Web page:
Chairman of the Caribbean Tourism Organization’s Council of Ministers and Commissioners of Tourism, Kenneth Bryan, who also serves as the Cayman Islands’ Minister of Tourism and Transport, summarized that in the face of the devastating blows delivered by the pandemic, “as a region, we have responded with hope, strength and the determination to prevail.”

Minister Bryan reiterated that great strides have been made in Caribbean tourism, a clear indication that the sector is bouncing back, and hopes are high that the robust pace of recovery will continue into 2023 and beyond. “So although we have not yet surpassed 2019’s numbers across the board in every jurisdiction, the needle is certainly moving in the right direction,” he commented.

The chairman envisioned 2023 as a period of growth and development for the CTO, and he and his team were laser-focused on growing the membership, including countries, territories as well as allied partners. “It is also my intention to strengthen the relationships with other organizations, such as the United Nations World Travel Organization, the World Travel and Tourism Council, and even the Central American Tourism Promotion Agency (CATA), to foster greater collaboration,” said Minister Bryan. Consideration is being given to the restructuring of the organization and reforming its strategic vision and direction for the next five years, which includes the appointment of a new Secretary-General, he confirmed.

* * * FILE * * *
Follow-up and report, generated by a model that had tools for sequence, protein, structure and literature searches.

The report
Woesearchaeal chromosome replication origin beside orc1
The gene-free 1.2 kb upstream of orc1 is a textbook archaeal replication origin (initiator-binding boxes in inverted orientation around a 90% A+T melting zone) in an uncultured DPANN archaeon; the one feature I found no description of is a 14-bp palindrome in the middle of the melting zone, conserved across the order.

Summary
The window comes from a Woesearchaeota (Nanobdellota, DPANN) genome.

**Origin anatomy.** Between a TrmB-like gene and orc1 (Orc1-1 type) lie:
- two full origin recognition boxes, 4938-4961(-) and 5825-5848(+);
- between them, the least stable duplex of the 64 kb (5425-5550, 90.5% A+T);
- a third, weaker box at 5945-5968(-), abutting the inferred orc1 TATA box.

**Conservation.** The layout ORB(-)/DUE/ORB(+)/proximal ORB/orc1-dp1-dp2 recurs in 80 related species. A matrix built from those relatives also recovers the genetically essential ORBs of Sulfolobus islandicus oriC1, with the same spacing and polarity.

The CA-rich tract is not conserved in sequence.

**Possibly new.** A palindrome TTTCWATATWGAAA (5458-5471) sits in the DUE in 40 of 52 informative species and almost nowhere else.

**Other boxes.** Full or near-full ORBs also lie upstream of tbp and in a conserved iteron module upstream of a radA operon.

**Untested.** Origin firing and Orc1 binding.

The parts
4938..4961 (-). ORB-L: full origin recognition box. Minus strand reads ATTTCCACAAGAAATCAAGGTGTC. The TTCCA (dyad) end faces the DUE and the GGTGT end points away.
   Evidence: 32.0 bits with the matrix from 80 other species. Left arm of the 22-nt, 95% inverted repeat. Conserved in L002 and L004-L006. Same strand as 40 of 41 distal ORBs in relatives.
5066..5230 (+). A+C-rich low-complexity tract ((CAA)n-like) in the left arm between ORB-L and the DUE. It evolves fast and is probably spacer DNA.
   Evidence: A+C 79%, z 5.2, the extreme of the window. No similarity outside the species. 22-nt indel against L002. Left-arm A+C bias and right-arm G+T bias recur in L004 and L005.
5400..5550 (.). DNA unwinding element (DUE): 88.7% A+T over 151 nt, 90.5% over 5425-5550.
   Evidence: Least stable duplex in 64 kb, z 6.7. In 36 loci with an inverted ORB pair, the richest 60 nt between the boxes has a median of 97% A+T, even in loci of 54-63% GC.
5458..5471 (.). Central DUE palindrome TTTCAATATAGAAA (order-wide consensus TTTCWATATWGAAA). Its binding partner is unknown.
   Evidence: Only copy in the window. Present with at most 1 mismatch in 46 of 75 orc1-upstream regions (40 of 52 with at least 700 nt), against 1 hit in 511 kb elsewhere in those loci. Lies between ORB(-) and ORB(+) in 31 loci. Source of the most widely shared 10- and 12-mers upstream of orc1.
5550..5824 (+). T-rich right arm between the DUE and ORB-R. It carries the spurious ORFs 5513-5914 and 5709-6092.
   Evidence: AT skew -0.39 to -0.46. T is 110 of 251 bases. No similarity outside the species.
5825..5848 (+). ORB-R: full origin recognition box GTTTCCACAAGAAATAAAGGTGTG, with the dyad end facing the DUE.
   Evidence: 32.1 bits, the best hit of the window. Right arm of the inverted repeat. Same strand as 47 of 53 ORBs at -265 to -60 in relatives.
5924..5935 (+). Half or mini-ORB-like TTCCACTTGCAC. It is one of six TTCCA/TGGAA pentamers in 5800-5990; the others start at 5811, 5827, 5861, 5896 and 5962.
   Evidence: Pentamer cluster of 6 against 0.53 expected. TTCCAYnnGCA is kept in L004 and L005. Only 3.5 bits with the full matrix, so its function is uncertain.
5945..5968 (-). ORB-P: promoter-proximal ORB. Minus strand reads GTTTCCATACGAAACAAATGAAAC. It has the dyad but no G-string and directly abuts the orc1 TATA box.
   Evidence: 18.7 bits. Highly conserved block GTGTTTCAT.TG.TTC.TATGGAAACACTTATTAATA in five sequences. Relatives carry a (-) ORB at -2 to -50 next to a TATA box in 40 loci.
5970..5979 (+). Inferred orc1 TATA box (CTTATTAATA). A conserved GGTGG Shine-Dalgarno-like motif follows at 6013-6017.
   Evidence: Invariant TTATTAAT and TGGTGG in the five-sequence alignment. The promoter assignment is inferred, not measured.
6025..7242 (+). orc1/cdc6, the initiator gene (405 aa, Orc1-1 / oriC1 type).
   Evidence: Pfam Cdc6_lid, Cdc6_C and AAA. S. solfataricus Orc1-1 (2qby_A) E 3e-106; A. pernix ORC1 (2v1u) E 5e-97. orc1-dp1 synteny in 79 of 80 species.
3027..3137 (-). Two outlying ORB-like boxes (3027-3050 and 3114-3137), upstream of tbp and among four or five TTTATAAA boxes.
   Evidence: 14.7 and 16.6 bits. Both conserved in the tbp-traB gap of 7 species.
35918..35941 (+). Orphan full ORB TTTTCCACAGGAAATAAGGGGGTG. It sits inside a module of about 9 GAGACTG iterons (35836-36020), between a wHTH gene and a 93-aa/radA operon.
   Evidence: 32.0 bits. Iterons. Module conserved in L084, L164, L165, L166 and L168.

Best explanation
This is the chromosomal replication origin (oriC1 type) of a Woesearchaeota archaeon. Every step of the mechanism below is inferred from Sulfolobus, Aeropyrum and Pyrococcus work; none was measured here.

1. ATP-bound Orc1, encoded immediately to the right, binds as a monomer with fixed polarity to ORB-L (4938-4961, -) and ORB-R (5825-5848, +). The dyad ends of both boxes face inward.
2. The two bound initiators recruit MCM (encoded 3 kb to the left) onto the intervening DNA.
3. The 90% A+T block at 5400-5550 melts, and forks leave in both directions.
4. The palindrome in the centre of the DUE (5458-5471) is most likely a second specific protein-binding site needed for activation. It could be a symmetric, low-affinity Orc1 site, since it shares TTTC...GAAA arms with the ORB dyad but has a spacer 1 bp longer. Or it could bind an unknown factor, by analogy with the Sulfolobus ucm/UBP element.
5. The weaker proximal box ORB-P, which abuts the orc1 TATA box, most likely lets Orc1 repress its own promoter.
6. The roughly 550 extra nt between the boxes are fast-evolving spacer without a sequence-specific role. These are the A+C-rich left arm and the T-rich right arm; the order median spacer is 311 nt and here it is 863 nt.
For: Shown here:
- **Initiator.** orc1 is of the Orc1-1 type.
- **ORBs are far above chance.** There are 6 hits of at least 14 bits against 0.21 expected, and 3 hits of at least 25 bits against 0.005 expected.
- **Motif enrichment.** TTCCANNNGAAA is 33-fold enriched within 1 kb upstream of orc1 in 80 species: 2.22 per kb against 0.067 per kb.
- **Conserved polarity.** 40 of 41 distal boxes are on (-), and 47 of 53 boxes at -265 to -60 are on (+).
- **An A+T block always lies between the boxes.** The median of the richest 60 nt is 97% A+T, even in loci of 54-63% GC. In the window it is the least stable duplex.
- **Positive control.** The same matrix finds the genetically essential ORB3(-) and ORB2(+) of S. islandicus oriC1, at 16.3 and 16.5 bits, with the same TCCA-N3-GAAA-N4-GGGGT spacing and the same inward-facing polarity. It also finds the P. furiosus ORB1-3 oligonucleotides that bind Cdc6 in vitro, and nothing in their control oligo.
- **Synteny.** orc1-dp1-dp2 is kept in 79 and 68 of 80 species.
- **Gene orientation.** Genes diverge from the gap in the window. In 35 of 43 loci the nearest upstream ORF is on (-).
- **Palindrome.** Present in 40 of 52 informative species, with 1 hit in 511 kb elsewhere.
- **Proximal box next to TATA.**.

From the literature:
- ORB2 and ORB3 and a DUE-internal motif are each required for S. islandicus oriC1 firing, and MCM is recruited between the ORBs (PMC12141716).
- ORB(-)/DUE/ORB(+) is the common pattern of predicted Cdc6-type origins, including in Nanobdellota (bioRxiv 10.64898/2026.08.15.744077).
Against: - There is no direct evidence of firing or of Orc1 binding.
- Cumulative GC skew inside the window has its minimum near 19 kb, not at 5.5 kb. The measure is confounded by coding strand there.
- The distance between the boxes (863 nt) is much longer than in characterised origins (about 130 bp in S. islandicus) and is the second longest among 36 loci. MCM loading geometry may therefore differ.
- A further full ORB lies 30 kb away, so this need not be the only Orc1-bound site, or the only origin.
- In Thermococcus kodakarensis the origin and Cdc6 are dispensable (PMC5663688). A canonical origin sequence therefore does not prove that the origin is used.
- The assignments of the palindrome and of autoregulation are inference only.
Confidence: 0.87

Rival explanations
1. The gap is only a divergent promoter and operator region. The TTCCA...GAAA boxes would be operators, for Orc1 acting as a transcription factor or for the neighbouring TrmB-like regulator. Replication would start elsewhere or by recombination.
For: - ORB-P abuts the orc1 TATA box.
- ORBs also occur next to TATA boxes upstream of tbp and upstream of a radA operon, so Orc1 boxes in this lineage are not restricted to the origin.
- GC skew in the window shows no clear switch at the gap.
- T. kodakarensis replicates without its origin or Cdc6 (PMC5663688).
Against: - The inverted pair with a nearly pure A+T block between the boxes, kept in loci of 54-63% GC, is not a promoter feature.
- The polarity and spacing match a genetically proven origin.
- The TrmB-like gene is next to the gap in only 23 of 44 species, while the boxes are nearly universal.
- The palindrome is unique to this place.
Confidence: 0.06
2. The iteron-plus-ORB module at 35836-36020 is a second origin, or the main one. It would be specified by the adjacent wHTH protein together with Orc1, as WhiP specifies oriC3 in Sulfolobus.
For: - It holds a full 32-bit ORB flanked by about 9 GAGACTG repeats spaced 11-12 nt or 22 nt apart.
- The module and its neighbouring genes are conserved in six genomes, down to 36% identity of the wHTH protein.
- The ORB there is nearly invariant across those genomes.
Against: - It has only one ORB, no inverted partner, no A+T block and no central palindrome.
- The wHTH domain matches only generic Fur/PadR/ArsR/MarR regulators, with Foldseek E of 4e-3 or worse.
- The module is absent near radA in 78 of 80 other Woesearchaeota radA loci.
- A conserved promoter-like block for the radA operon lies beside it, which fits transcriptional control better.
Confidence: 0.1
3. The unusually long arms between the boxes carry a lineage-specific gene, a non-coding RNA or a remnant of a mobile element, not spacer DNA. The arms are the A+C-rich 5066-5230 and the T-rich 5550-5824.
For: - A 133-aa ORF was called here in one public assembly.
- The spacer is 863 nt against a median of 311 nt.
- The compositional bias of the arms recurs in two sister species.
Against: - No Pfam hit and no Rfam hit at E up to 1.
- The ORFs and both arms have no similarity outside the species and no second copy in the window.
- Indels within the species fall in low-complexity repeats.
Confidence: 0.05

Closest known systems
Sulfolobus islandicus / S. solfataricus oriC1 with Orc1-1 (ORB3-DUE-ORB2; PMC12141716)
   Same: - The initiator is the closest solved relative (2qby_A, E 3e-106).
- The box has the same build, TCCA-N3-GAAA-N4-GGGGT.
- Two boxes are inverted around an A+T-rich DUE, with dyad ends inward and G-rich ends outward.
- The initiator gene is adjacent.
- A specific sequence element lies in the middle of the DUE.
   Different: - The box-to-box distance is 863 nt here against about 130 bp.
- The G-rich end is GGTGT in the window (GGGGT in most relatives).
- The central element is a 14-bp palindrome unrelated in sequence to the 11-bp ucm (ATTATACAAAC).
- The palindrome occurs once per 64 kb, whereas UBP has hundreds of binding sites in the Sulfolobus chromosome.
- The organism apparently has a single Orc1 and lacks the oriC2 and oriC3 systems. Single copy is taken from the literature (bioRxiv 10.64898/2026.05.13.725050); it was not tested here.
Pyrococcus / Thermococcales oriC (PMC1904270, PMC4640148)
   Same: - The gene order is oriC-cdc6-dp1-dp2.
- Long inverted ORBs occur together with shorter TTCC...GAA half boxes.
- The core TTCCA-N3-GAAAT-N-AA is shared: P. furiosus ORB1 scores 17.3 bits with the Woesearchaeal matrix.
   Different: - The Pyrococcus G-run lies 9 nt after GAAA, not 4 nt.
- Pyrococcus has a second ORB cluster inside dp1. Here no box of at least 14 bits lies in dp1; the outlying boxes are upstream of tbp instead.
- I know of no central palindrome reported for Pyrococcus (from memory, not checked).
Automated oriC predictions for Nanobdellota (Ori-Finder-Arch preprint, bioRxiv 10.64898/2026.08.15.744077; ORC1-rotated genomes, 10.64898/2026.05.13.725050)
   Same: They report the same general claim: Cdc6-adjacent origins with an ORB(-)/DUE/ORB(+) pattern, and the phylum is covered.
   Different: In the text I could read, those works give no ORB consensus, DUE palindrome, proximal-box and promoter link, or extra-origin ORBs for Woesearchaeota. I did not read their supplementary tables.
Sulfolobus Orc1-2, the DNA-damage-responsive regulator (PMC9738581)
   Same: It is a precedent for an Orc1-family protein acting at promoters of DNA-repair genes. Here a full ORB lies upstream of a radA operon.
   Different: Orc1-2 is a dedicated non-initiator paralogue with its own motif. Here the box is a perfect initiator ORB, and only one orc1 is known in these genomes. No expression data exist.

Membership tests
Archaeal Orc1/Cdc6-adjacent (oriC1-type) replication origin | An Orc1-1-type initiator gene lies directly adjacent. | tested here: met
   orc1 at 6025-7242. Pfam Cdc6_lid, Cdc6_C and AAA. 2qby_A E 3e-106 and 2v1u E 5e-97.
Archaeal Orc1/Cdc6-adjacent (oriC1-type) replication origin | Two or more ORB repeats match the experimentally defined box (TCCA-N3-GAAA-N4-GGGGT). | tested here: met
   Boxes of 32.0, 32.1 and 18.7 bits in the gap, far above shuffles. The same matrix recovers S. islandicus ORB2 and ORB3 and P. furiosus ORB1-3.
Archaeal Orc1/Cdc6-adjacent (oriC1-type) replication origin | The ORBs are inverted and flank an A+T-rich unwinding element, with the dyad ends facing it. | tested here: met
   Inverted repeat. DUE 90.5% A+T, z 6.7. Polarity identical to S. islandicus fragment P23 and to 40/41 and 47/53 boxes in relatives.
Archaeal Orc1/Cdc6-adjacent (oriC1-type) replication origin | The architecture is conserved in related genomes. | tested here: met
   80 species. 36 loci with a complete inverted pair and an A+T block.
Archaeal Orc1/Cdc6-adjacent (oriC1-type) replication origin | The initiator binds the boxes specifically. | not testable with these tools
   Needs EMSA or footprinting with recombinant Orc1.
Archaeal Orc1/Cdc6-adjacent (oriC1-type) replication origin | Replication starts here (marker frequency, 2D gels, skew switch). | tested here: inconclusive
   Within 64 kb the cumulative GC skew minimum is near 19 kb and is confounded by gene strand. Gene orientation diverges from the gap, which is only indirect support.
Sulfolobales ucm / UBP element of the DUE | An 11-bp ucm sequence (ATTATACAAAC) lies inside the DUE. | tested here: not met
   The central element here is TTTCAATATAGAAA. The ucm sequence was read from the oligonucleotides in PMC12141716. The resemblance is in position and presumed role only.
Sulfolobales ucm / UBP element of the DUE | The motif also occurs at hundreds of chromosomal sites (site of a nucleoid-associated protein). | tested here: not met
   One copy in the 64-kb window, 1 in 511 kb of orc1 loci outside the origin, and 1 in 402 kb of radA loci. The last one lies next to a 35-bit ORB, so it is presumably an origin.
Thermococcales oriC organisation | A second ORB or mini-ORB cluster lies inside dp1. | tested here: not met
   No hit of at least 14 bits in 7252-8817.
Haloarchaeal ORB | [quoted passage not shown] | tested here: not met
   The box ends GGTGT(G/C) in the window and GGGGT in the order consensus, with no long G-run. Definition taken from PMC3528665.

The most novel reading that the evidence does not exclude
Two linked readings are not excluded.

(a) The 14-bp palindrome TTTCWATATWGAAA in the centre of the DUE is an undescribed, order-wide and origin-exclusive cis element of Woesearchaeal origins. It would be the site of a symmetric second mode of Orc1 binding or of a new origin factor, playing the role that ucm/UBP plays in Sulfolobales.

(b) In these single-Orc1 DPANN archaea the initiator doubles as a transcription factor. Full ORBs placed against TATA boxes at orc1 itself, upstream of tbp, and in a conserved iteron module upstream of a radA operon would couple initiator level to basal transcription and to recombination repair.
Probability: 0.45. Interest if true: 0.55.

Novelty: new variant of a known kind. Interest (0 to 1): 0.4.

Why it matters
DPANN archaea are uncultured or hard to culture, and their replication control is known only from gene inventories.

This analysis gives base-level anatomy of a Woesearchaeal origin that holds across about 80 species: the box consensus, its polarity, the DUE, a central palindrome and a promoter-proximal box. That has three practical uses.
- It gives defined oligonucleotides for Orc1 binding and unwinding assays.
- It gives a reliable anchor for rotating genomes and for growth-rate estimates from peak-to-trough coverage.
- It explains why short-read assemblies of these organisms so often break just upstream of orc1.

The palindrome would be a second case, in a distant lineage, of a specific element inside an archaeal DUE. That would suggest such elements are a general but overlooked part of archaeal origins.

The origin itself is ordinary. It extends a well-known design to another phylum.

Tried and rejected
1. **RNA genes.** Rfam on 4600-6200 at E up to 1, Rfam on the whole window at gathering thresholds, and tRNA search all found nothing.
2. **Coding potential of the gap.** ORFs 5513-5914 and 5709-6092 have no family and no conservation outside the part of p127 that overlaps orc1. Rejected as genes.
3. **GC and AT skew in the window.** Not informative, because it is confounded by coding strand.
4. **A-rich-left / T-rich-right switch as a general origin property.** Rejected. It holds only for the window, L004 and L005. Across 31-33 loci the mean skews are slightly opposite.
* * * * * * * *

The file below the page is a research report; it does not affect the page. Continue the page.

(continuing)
Minister Bryan announced the return of CTO’s Caribbean Week in New York, to be held in “The Big Apple,” from June 5 to 8 this year, and disclosed that his team was committed to addressing the nagging issue of air connectivity, a complex one that has been exacerbated by the reevaluation of airline business structures and the global pilot shortage. “It would be illogical for me to promise a solution to this issue during my tenure as chairman. But what I can and will commit to is getting the players around the table to forensically examine what we need to do as a unified region to improve this scenario and start the ball rolling towards the solution.”

Watch the recording at: https://fb.watch/j7J_VHXPCs/

Download full remarks delivered by Hon. Kenneth Bryan.

Download full remarks delivered by Neil Walters.

About the Caribbean Tourism Organization

The Caribbean Tourism Organization (CTO), which is headquartered in Barbados, is the Caribbean’s tourism development agency comprising membership of the region’s finest countries and territories, including Dutch-, English-, French- and Spanish-speaking, as well as a myriad of private sector allied members. The CTO’s vision is to position the Caribbean as the most desirable, year-round, warm-weather destination, and its purpose is Leading Sustainable Tourism – One Sea, One Voice, One Caribbean. Among the benefits to its members the organization provides specialized support and technical assistance in sustainable tourism development, marketing, communications, advocacy, human resource development, event planning & execution, and research & information technology.

The CTO’s Headquarters is located at Baobab Tower, Warrens, St. Michael, Barbados BB 22026; Tel: (246) 427-5242; E-mail: CTObarbados@caribtourism.com.